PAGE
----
The m&e industry has significantly reduced its involvement in integrated working over the last year it has been claimed.
Speaking at the H&V News conference on Collaborative Working Rudi Klein, chief executive of the Specialist Engineering Contractors Group, said use of collaboration had been on the slide since the beginning of 2005.
“I’m not sure what’s going on,” Mr Klein told delegates. “But when you consider the value of the m&e sector this is quite shocking.”
He said that use of the working practice began to fall in 2005 and hit a plateau in the middle of 2006 where it had stayed until now.
This also contrasted strongly with the trend among main contractors, consultants and product manufacturers, who had increasingly used integrated working methods since 2005.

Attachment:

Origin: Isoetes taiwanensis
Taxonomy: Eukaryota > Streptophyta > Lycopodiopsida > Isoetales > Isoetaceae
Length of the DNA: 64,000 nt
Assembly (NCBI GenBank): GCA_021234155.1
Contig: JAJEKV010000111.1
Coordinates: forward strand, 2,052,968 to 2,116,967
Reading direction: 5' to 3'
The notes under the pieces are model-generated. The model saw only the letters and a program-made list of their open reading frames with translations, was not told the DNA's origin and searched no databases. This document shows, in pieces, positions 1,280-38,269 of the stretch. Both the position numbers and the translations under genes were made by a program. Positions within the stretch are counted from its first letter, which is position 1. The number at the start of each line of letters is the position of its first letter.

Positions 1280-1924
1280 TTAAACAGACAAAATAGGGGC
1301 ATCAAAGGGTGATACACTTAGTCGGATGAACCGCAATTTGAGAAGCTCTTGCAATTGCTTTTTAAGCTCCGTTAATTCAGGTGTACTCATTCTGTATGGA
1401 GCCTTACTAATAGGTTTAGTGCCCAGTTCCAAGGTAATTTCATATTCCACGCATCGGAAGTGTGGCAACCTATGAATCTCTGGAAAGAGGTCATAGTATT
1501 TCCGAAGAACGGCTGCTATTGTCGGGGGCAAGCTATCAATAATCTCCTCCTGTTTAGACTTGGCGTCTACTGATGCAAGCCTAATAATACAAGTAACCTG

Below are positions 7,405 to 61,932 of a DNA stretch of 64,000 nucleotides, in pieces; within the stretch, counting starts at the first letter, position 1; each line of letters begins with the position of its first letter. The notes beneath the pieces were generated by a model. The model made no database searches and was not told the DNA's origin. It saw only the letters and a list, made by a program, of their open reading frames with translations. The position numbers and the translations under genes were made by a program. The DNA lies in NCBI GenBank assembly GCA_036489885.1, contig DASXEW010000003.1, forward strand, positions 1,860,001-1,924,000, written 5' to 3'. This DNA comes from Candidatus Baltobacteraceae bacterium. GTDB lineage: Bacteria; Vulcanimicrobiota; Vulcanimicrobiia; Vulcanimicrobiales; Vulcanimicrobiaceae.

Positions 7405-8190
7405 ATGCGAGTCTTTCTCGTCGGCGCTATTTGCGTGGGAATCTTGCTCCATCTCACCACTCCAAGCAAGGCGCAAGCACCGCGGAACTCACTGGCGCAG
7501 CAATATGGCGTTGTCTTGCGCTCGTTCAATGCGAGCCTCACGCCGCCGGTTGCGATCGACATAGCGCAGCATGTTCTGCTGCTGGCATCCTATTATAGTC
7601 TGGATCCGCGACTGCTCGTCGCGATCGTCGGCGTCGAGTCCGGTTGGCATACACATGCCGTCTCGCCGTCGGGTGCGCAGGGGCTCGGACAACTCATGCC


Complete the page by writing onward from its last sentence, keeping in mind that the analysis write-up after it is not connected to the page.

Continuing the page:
Mr Klein said the move by the m&e sector was a great shame particularly in the light of Sir John Egan’s report, published in 2002, that aimed to ensure half of all construction projects used integrated teams by 2007.
However, it appears that many of the contracts used on government contracts contain a large number of onerous terms and conditions such as retentions and liquidated damages.
“There doesn’t seem to be a lot of mutuality in some ‘partnering’ contracts. The risk is still flowing down to the sub-contractors.”
Other research also revealed that some simply regarded partnering as a way increasing their buying power and exercising more control over suppliers.
To counteract this Mr Klein urged government to get tougher on its construction contracts, particularly by making funding conditional on public projects using true partnering arrangements.
He also urged wider uptake on project insurance and the use of partnering/project bank accounts.